I found his first book relatively dry, but his ability to create enthusiasm — remarkable, as a native plant gardener and garden educator of 30+ years. But the second edition was softened with better plant info, etc. so helped his reach even more, and I want to read his latest book, too, after reading his interview with Margaret Roach recently.

    I think we need to encourage folks around gardening first, and then about habitat restoration. It’s vital that we transform our cultivated landscapes into more supportive ones, I think, but you’ve got to be willing to think about plants, nature, and gardening to do that.

    Thanks for an excellent post.

  9. Regarding those kinds of suburban neighborhoods, I think there are people who want pollinator gardens and native plants but feel they’ll upset neighbors. It’s also true there are a lot of people who just don’t seem to care much about nature or gardening and just want their yard to look like everyone else’s on the block. It’s a conundrum for sure but I think just being friendly with neighbors and gardening in a way that exemplifies the benefits of supporting habitat (capturing and filtering runoff, erosion reduction, birds and butterflies, etc.) versus the negatives (messiness, unwanted wildlife) might arouse people’s interest which is probably just as important as planting native plants.

  10. I think a key phrase here is “homeowners who do not garden”. ‘And can’t afford to buy one’, is more realistic for ordinary working people these days. The one thing most are not is gardeners. Painting ‘the professional landscaping and yard maintenance people’ industry and their clients with such a broad stroke as ‘needing to get the message’ is close to absurd. Don’t try to shift blame on to the yard maids.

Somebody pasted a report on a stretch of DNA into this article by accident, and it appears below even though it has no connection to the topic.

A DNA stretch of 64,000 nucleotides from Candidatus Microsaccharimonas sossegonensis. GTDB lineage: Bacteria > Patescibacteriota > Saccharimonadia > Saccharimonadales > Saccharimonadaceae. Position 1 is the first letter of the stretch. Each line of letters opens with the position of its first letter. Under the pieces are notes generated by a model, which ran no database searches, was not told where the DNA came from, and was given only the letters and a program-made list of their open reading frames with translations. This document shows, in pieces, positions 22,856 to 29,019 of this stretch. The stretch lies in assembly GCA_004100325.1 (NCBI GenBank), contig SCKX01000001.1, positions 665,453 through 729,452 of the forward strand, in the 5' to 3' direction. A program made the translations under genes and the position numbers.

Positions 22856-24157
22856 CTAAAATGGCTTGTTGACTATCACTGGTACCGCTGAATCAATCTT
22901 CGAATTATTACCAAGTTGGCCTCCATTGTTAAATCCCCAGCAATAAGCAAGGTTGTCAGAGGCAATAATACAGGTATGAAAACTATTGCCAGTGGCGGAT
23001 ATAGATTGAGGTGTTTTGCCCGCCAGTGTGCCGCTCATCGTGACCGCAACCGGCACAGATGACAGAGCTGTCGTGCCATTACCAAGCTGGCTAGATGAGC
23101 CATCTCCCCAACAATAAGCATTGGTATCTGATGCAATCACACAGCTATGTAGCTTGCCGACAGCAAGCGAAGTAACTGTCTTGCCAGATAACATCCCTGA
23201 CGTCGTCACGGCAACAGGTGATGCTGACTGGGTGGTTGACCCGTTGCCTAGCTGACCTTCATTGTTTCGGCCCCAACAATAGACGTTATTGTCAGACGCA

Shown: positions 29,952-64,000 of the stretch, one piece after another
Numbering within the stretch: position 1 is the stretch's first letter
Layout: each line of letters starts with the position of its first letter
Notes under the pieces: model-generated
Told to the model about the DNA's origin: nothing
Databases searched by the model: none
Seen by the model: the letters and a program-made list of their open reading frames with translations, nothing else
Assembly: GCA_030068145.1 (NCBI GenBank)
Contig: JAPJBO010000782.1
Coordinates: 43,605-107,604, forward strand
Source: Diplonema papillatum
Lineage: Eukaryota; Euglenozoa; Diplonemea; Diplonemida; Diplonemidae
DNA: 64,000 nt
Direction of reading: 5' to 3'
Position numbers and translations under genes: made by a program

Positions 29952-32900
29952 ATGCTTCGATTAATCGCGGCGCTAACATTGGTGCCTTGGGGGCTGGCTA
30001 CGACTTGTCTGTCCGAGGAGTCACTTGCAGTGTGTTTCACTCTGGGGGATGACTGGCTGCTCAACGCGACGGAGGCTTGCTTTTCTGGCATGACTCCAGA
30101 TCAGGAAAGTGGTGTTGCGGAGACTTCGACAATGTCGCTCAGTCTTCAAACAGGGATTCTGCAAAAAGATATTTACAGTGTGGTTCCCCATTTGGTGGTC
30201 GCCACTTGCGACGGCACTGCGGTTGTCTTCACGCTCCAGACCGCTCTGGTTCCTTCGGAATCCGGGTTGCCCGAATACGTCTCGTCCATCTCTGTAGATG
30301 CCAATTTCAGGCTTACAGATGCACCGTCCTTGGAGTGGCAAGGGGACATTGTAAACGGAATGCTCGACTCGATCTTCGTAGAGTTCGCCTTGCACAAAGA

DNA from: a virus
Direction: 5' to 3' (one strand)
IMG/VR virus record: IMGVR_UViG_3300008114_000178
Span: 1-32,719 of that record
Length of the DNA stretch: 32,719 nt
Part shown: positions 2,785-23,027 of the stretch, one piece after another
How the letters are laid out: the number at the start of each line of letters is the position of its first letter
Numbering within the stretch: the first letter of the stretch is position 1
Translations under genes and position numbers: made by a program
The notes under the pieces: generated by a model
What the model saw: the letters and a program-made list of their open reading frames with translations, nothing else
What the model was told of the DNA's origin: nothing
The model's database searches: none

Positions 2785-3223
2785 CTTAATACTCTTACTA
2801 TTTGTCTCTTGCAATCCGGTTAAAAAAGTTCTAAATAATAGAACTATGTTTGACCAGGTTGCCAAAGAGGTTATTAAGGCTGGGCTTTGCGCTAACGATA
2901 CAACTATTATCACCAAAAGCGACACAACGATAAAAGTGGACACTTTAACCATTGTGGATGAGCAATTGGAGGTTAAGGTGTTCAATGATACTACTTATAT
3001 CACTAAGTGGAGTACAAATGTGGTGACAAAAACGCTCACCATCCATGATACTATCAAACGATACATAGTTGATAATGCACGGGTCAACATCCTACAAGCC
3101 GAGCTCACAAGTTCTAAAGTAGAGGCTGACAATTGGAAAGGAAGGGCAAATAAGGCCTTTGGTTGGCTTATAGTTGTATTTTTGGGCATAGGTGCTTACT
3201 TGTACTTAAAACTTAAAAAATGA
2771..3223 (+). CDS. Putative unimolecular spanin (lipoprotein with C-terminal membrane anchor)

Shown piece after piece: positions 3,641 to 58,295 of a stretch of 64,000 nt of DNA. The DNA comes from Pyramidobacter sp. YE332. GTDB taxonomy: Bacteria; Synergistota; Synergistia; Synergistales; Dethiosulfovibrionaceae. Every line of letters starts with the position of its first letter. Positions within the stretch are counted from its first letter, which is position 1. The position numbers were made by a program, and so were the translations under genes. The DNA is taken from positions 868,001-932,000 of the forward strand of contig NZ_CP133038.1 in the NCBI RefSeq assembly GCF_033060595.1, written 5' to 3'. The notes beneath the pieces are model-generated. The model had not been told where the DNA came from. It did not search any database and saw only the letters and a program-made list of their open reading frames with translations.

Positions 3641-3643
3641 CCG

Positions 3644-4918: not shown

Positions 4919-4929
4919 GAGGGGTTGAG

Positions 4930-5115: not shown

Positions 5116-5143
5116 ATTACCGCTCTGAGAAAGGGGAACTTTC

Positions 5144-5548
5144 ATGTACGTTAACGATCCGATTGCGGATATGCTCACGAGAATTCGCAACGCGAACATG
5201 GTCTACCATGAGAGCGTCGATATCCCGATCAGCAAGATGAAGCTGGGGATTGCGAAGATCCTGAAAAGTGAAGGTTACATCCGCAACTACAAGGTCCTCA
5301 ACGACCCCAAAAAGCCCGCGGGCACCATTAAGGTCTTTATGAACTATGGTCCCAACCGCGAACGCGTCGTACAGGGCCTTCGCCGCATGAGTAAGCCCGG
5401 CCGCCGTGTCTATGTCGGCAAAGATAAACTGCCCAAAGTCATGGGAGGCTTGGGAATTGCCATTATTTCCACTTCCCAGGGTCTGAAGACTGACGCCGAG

In a time of mass extinction and climate change it is the gardeners, people who love plants that are creating living arks of the world’s regional and well traveled plant and animal life. Gardens full of plants make life filled with bugs. Gardeners are living examples of caring for the earth. The outcome of the predicament we find ourselves in is not in their hands no matter how many native plants they have.
    So seriously, stop harassing the choir with your purity tests. Plant Lovers Matter. Without plants there is no future. It’s the plant and bug haters that need to ‘get the message’. That can only start by learning how to care for a plant.

    • Christopher, your point is well taken! I surely wasn’t meaning to harass or especially blame anyone with my comment, just having a cynical moment about homeowners, and thinking out loud about how to reach these people with yards but no awareness of how their yards can be part of a climate/environmental solution. It seemed like a natural idea for people who love and know plants and are in a position to share that love and knowledge, to do so with those who might want to make a change for a better future, but don’t know how to start. I had it on my mind because I am at the beginning of a building project; while I will never learn all the details needed for doing the building, and never build it with my own hands, the people I’m working with have been great at sharing environmentally friendly options I can choose, which is something that I definitely want. I think a lot of non-gardeners would choose those kind of options too, if they were made aware of them and why. And yes, I agree: Plant Lovers Matter!